“When you walk into a CBD store, you don’t know exactly what you’re getting because it’s not regulated or monitored,” Dr. Perry said “I worry they haven’t been studied or proven effective, certainly not in most pediatric cases, for use. Many of the conditions that CBD is being used for have subjective symptoms, so assessing response is very difficult. Even when a store provides a lab analysis of the CBD oil they provide you, there is no regulation or true oversight to ensure the report is accurate. This is not to say that CBD retailers are trying to make a quick buck, it just means there are shortcomings to the products that must be taken into account.”
When people are treated with typical antiepileptic drugs, they are taking a single compound, like carbamazepine or levetiracetam for example. But when you get a CBD oil in a store, you get a substance that may have a high amount of CBD, but it also can contain varied amounts of the multiple other compounds from the plant.
“We don’t know how effective and safe those other compounds are, so we must be cautious to recommend it to treat a child,” Dr. Perry said “Currently, there are no testing standards to make sure the CBD oil you get from a company contains what the label says, thus the formulation may change some from month to month.”
While all CBD oils contain the similar CBD compound, they may be produced from different types of plant, using different growing techniques/conditions, and manufactured with different processes, creating different medications with different other compounds included.
Dr. Perry said it’s not that doctors are necessarily against using CBD oils, “we just have to be realistic about their limitations.”
Another concern is that many children for whom CBD oil might be tried are on other medications and “we don’t know enough to know how it might interact with those medicines or oils.”
“Cannabis and CBD have a long history of use for medical purposes,” Dr. Perry said. “But until recently, standardized studies gathering large amounts of data have been lacking. Now, with the change in social climate and attitude toward the potential of cannabis and CBD, we are gaining that data in the practical use of CBD in patients with seizures and epilepsy. But as far as general use in conditions such as anxiety or insomnia, I don’t believe we have enough research yet. Without more research and actual studies, we don’t know proper doses or side effects.”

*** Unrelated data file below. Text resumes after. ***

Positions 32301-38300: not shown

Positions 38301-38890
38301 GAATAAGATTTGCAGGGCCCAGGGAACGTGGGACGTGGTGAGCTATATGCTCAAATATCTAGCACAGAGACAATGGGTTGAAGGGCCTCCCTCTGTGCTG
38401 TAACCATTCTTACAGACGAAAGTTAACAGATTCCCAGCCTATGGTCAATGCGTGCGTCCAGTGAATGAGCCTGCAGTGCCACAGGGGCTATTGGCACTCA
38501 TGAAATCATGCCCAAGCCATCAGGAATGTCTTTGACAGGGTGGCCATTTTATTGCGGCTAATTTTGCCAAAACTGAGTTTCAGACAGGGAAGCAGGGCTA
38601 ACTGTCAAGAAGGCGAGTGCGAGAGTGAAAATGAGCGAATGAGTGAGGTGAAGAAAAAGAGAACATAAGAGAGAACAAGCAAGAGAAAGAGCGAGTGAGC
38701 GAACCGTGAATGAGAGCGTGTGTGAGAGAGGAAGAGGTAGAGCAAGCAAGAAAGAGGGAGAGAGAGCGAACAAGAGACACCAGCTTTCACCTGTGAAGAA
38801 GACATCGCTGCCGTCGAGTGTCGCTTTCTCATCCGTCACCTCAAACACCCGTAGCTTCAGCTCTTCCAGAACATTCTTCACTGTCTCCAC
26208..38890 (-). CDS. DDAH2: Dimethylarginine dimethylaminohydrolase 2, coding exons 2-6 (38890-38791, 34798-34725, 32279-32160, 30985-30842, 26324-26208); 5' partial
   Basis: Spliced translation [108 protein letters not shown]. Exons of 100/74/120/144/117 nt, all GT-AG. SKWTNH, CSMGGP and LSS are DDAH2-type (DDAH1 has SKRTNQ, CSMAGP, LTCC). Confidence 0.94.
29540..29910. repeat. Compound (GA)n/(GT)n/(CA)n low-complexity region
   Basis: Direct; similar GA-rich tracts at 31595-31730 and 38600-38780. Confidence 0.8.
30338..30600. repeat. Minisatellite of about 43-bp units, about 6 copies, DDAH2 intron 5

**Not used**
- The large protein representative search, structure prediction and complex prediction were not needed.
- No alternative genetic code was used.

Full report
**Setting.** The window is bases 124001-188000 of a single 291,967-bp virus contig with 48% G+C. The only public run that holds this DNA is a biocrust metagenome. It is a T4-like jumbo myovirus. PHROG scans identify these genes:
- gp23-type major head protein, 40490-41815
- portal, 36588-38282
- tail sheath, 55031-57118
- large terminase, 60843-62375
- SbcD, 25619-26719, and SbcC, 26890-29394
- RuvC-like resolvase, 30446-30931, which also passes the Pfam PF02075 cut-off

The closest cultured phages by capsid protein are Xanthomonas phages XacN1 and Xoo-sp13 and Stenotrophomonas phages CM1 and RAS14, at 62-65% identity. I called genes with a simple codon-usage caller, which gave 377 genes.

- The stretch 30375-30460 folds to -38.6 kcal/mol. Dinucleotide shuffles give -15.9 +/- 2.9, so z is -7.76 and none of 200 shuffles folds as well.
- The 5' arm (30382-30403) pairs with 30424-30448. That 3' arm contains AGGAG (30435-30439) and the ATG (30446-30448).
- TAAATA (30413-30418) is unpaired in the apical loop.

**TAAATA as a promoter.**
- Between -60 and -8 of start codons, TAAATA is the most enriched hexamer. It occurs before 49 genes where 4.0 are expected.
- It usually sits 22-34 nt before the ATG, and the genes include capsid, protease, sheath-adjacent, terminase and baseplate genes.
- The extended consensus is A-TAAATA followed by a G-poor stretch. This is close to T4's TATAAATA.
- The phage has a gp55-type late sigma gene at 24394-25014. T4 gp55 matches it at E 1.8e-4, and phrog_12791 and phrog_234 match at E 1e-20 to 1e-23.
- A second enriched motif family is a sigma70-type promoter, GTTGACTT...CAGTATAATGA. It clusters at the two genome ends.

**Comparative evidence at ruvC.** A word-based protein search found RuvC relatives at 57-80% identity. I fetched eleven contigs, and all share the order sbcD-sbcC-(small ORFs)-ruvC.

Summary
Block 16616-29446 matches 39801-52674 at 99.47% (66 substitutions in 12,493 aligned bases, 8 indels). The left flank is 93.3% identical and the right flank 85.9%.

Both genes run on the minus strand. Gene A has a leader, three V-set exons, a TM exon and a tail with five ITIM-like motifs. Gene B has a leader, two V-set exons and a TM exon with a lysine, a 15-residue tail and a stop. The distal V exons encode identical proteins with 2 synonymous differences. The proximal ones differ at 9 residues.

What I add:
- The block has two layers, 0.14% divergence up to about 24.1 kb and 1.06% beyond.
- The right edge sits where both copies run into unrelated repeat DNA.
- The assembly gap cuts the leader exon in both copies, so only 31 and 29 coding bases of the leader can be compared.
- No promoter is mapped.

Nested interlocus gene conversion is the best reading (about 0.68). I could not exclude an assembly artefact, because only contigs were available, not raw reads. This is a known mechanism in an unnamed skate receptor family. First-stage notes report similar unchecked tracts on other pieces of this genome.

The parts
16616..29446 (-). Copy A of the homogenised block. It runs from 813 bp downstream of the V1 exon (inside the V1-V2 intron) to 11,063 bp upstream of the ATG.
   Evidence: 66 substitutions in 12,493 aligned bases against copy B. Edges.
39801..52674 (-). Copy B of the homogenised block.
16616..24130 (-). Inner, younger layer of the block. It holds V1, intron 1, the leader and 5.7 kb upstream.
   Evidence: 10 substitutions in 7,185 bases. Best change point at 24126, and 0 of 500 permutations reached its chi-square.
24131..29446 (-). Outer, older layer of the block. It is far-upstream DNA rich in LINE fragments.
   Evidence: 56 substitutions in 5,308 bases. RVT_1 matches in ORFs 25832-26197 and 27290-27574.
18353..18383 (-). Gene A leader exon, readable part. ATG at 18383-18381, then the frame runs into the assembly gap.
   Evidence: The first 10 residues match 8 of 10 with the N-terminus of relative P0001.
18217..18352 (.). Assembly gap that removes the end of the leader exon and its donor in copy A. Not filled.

For now if you are thinking about using CBD or allowing your child to use it, Dr. Perry asks parents to please talk to their pediatrician first.
Get to know M. Scott Perry, M.D.
I joined the Neurosciences Program of Cook Children's in 2009 as a pediatric epileptologist, then served as the Medical Director of the Epilepsy Monitoring Unit and Tuberous Sclerosis Complex clinic before assuming the role of Medical Director of Neurology in 2016. My clinical and research interests focus on the treatment of childhood onset epilepsy, specifically those patients with uncontrolled epilepsy or those for which the cause has not been determined. I have an intense interest in the use of surgical therapies to treat and cure epilepsy. The majority of my research has investigated the use of multimodal imaging techniques to localize seizure onset, as well as the description of patient and disease characteristics that predict favorable outcomes from surgical therapies. The pool of candidates which may benefit from surgical therapy continues to expand and I came to Cook Children's specifically because the staff of the Epilepsy Monitoring Unit and Comprehensive Epilepsy Program were dedicated to improving the care of children with epilepsy through cutting-edge techniques, research, and concern for their patients' well-being. Click to learn more.